Arkansas law accounts for shared custody of a child directly in the child support formula used to calculate payment amounts. This means that, in cases where custody is shared, the amount of child support paid by the paying parent will be reduced according to the amount of time they have custody of the child.
How are extraordinary medical costs treated by child support in Arkansas?
Arkansas has specialized guidelines for the sharing of a child's extraordinary medical care costs that are separate from, and in addition to, basic child support payments. Extraordinary medical costs are generally costs generated by things such as illness, hospital visits, or costly procedures such as getting braces.
Arkansas treats extraordinary medical care costs as a "deviation factor", which means that the judge determining the amount of child support to be paid may take ongoing medical care costs into account when calculating the monthly amount to be paid. This means that in situations where the custodial parent needs to pay child care costs, the judge may raise the child support payments in order to help cover them.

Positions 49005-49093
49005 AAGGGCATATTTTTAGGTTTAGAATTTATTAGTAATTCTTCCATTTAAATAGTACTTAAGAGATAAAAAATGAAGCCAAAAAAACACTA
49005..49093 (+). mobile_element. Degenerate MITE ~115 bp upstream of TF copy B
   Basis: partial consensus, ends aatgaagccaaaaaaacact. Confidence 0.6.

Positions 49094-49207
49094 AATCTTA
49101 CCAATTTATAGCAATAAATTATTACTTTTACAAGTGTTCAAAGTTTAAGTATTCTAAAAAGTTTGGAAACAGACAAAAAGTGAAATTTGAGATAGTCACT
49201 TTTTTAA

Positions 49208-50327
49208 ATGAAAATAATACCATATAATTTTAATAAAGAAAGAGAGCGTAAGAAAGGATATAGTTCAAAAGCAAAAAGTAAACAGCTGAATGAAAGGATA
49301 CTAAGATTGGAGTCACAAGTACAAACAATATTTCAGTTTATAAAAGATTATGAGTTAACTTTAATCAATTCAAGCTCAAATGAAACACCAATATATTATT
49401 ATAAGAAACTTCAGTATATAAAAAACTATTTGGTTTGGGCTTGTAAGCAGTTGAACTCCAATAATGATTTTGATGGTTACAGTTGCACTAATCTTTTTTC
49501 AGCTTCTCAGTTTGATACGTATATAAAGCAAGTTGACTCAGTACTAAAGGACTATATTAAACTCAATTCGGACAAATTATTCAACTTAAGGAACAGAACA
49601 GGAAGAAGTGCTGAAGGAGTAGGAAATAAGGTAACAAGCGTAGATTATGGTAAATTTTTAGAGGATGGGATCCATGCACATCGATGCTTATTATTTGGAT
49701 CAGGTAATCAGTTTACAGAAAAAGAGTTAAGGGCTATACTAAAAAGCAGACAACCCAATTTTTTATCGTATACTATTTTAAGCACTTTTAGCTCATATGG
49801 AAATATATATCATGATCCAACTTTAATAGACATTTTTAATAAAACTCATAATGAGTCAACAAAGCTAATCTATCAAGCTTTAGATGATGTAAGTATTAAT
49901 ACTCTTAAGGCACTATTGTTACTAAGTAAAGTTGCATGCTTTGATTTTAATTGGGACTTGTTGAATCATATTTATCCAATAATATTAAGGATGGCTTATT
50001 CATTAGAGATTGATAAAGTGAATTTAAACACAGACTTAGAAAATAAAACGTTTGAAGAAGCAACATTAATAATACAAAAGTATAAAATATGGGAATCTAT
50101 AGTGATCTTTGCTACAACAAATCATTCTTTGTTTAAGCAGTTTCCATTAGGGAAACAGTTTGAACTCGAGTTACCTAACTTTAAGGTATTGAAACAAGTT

How are child care costs treated by child support in Arkansas?
Due to the high costs of child care for a single payment, Arkansas has specialized guidelines that consider child care costs separately from the general costs of raising a child for the purposes of calculating child support payments.
Arkansas treats child care costs as a "deviation factor", which means that the judge determining the amount of child support to be paid may take child care costs into account when calculating the monthly amount to be paid. This means that in situations where the custodial parent needs to pay child care costs, the judge may raise the child support payments in order to help cover them.